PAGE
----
Representative Eric Cantor, the House majority leader, also backed action. But he acknowledged the split positions among both parties and said it was up to Obama to “make the case to Congress and to the American people that this is the right course of action”.

With talks in the US marked by anti-war protests, and BBC reports of the latest opinion polls suggesting six in ten Americans are against missile strikes against the Assad regime, Mr Obama’s greatest opponent may yet be the weight of public opinion.

The administration says 1,429 people died from the attack, which included the use of the sarin nerve agent, on 21 August in a Damascus suburb. But the British-based Syrian Observatory for Human Rights, which collects information from a network of anti-government activists in Syria, says its toll has reached 502. And while Mr Assad's government blames the incident on rebels, the UN is still to report following the work of its inspection team.

Mr Obama, who arrived in Stockholm this morning, will be hoping  the momentum of his efforts to persuade lawmakers can be maintained in his absence.

The president will travel from Sweden's capital to an economic summit in St Petersburg, Russia, on Thursday, and will be hoping that he can use the trip to Europe to gather more international support for action than he currently has. Among major allies, only France has offered publicly to join the US in a strike, although President Francois Hollande has said he will await the decision of the US Congress.

Start your day with The Independent, sign up for daily news emails
PROMOTED VIDEO
News
ebooksNow available in paperback
Have you tried new the Independent Digital Edition apps?
Independent Dating
and  

By clicking 'Search' you
are agreeing to our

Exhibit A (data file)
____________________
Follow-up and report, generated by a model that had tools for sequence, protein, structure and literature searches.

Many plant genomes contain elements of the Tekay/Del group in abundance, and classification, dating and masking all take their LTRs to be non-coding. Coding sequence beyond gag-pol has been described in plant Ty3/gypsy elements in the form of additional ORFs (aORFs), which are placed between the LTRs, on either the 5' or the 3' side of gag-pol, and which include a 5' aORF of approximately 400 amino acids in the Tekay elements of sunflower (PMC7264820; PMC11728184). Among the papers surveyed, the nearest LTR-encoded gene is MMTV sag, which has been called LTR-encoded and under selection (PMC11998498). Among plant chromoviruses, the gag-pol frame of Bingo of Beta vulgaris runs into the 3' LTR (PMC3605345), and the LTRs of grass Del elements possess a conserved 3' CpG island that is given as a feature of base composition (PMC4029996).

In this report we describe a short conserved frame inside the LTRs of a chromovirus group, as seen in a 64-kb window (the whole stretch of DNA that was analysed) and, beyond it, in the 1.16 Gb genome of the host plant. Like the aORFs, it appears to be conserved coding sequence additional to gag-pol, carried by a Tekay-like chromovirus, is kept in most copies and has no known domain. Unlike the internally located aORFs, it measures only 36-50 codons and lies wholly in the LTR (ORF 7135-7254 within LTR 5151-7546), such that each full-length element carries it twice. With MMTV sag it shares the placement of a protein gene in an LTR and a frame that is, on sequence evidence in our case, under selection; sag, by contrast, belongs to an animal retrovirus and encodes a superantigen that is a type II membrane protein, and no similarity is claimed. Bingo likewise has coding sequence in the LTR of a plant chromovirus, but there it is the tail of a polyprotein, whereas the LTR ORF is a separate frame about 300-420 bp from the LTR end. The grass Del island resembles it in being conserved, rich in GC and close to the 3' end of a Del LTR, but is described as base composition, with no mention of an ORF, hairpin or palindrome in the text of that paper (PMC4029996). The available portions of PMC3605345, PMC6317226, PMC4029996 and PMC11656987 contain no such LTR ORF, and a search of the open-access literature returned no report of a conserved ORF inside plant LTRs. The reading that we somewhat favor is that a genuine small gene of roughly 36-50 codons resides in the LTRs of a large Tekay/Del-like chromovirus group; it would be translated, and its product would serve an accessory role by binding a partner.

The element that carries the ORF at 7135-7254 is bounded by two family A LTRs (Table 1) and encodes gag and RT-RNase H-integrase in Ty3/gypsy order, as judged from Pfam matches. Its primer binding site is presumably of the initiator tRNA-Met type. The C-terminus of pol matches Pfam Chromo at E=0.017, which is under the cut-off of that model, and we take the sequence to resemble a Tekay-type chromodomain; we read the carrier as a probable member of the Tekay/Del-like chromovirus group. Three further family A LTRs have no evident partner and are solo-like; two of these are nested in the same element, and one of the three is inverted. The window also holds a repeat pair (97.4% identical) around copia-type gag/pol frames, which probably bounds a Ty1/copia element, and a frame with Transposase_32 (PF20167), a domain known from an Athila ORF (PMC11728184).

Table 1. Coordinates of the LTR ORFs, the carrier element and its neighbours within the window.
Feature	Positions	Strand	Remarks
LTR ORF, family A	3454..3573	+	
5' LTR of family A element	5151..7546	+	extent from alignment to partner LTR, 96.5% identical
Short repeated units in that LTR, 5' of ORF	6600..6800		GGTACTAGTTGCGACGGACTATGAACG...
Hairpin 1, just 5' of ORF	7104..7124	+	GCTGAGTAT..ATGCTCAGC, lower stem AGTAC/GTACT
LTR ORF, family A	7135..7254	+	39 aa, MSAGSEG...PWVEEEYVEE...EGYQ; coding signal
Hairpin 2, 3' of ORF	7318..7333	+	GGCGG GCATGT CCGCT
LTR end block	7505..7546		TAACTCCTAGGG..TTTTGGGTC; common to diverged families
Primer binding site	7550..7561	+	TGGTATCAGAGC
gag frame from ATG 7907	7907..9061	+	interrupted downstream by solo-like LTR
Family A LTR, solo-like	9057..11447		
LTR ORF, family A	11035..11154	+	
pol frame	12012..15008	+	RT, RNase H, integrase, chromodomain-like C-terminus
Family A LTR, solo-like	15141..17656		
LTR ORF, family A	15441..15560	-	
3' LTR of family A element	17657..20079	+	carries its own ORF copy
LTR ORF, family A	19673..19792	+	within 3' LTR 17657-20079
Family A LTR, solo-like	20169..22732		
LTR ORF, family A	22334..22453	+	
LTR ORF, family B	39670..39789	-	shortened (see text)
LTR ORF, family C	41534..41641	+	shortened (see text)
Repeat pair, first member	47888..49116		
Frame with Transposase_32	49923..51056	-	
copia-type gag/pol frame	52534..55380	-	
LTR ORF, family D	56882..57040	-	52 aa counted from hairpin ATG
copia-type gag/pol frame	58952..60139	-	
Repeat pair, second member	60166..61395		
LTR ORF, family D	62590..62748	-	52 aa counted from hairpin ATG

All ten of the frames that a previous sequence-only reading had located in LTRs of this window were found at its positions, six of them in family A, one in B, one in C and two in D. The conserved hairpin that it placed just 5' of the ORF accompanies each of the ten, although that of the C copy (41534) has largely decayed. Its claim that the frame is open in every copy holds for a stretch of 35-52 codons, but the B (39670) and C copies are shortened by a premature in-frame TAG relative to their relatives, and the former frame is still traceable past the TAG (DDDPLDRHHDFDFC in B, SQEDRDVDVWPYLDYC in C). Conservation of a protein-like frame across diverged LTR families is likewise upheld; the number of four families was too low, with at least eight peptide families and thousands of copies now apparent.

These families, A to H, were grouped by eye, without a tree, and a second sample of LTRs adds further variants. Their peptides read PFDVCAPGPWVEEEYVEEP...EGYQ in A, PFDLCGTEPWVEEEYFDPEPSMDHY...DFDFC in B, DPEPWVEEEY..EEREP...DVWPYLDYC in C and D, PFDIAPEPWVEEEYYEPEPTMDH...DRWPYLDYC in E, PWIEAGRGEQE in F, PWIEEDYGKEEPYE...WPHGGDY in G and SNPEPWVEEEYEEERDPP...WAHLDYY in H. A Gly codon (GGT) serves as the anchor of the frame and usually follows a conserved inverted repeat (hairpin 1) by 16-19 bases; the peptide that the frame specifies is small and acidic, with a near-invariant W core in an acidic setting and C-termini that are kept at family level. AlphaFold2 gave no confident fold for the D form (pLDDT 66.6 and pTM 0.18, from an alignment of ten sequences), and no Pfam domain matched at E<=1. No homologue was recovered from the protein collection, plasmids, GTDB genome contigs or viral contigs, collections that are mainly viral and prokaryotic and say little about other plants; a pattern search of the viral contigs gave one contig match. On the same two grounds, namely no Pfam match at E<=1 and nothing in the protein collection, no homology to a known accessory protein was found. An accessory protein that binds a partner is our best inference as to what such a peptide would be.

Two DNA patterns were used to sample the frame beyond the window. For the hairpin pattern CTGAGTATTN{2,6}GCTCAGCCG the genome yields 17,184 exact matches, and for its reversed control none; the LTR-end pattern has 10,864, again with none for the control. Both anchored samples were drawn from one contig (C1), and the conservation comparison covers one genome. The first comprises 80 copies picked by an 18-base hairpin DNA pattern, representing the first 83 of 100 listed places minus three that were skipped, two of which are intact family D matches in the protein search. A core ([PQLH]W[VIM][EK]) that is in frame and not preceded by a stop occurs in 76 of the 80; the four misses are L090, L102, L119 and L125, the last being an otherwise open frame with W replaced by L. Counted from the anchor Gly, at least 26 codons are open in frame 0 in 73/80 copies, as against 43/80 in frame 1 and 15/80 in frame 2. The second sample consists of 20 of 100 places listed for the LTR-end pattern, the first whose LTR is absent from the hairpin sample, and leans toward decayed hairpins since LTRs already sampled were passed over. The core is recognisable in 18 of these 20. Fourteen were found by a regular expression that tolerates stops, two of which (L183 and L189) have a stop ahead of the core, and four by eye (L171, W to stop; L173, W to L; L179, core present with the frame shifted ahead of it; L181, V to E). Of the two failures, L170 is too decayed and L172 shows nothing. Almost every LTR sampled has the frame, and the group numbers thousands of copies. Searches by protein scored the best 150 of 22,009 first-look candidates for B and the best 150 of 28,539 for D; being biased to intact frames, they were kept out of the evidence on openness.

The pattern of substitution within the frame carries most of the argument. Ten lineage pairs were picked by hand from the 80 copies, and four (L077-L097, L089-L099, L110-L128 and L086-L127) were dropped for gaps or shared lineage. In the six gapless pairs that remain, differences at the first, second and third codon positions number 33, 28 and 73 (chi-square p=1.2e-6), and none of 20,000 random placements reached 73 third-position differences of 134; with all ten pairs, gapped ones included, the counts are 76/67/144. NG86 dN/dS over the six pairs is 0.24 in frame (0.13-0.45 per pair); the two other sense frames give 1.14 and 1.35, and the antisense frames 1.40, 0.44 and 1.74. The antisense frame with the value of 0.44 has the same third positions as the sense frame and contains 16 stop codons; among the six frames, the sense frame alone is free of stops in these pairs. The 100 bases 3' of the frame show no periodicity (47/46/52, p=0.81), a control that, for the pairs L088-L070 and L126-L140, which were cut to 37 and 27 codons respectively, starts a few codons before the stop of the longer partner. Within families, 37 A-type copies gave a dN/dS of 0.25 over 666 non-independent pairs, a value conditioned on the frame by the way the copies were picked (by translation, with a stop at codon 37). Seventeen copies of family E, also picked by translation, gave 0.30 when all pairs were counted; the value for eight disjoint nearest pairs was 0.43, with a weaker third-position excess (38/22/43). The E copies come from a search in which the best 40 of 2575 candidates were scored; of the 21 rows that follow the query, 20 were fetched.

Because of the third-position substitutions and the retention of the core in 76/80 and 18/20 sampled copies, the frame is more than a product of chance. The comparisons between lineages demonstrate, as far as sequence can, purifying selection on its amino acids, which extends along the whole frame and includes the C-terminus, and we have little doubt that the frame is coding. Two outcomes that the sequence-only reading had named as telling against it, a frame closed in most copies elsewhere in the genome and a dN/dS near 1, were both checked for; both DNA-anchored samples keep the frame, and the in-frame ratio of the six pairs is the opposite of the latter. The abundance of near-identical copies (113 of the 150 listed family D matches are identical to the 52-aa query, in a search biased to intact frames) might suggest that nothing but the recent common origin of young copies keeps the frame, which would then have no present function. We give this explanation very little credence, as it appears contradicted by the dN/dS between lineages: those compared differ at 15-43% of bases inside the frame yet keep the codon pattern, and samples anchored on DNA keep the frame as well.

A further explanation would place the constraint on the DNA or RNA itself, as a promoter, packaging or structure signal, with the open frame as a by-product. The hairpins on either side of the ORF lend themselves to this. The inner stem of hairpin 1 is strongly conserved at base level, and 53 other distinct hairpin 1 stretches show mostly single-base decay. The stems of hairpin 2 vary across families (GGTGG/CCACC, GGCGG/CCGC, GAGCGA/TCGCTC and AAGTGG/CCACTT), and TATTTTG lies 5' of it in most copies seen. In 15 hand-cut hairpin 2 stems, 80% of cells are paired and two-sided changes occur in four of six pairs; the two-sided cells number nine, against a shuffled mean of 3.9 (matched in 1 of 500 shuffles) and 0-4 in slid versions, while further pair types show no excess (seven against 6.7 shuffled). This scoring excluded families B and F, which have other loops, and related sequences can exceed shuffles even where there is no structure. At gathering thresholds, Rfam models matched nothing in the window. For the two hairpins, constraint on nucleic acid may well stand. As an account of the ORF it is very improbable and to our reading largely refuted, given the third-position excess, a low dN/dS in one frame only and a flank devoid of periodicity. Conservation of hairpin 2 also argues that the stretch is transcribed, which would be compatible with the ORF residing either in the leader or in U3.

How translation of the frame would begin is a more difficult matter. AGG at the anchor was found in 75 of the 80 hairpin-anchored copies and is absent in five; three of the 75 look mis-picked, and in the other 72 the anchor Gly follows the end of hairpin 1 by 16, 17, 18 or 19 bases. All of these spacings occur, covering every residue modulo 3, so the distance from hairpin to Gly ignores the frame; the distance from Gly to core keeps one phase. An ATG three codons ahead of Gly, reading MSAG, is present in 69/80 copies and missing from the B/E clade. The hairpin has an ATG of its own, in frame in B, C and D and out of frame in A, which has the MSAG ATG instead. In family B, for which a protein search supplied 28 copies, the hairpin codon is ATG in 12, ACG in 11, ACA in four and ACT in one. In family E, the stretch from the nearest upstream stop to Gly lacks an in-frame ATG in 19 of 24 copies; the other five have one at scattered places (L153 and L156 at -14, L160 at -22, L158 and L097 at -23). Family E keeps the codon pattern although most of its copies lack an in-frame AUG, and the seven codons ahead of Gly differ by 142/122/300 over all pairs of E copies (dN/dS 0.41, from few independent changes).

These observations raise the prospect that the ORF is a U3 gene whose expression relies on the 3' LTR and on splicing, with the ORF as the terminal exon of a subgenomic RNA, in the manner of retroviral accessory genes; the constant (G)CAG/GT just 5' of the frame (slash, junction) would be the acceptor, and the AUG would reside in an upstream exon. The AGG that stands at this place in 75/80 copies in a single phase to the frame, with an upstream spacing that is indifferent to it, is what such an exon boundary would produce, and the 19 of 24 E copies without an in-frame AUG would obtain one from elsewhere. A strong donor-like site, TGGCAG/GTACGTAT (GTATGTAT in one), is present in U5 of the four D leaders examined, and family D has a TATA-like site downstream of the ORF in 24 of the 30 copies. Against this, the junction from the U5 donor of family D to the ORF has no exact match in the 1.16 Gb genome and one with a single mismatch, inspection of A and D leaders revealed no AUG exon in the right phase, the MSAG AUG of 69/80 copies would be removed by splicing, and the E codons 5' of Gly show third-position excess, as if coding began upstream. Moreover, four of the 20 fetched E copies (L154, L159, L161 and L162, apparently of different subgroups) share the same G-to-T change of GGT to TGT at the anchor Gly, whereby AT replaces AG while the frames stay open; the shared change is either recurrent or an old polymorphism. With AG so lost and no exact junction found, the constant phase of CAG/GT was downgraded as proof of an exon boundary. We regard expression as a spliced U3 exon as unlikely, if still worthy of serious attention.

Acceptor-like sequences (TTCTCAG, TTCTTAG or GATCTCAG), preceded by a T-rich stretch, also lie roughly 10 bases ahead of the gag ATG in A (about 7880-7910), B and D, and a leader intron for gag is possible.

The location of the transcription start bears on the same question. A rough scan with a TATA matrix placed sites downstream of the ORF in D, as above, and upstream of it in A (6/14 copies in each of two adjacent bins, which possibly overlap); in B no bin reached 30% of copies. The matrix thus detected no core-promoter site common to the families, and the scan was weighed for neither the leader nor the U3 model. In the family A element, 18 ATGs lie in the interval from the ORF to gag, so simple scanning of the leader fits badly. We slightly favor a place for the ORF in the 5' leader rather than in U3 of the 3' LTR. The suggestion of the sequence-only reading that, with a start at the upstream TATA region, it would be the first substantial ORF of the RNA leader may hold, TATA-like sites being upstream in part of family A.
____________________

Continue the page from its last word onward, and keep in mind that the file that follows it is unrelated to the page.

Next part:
Terms of Use.

iJobs Job Widget
iJobs General

Tradewind Recruitment: English Teacher

Negotiable: Tradewind Recruitment: My client is an excellent, large partially ...

Tradewind Recruitment: Science Teacher

£90 - £140 per day: Tradewind Recruitment: I am currently working in partnersh...

Tradewind Recruitment: Year 3 Primary Teacher

£100 - £150 per day: Tradewind Recruitment: Year 3 Teacher Birmingham Jan 2015...

Ashdown Group: Lead Web Developer (ASP.NET, C#) - City of London

£45000 - £50000 per annum + Excellent benefits: Ashdown Group: Lead Web Develo...

Day In a Page

Isis hostage crisis: The prisoner swap has only one purpose for the militants - recognition its Islamic State exists and that foreign nations acknowledge its power

Isis hostage crisis

The prisoner swap has only one purpose for the militants - recognition its Islamic State exists and that foreign nations acknowledge its power, says Robert Fisk
Missing salvage expert who found $50m of sunken treasure before disappearing, tracked down at last

The runaway buccaneers and the ship full of gold

Salvage expert Tommy Thompson found sunken treasure worth millions. Then he vanished... until now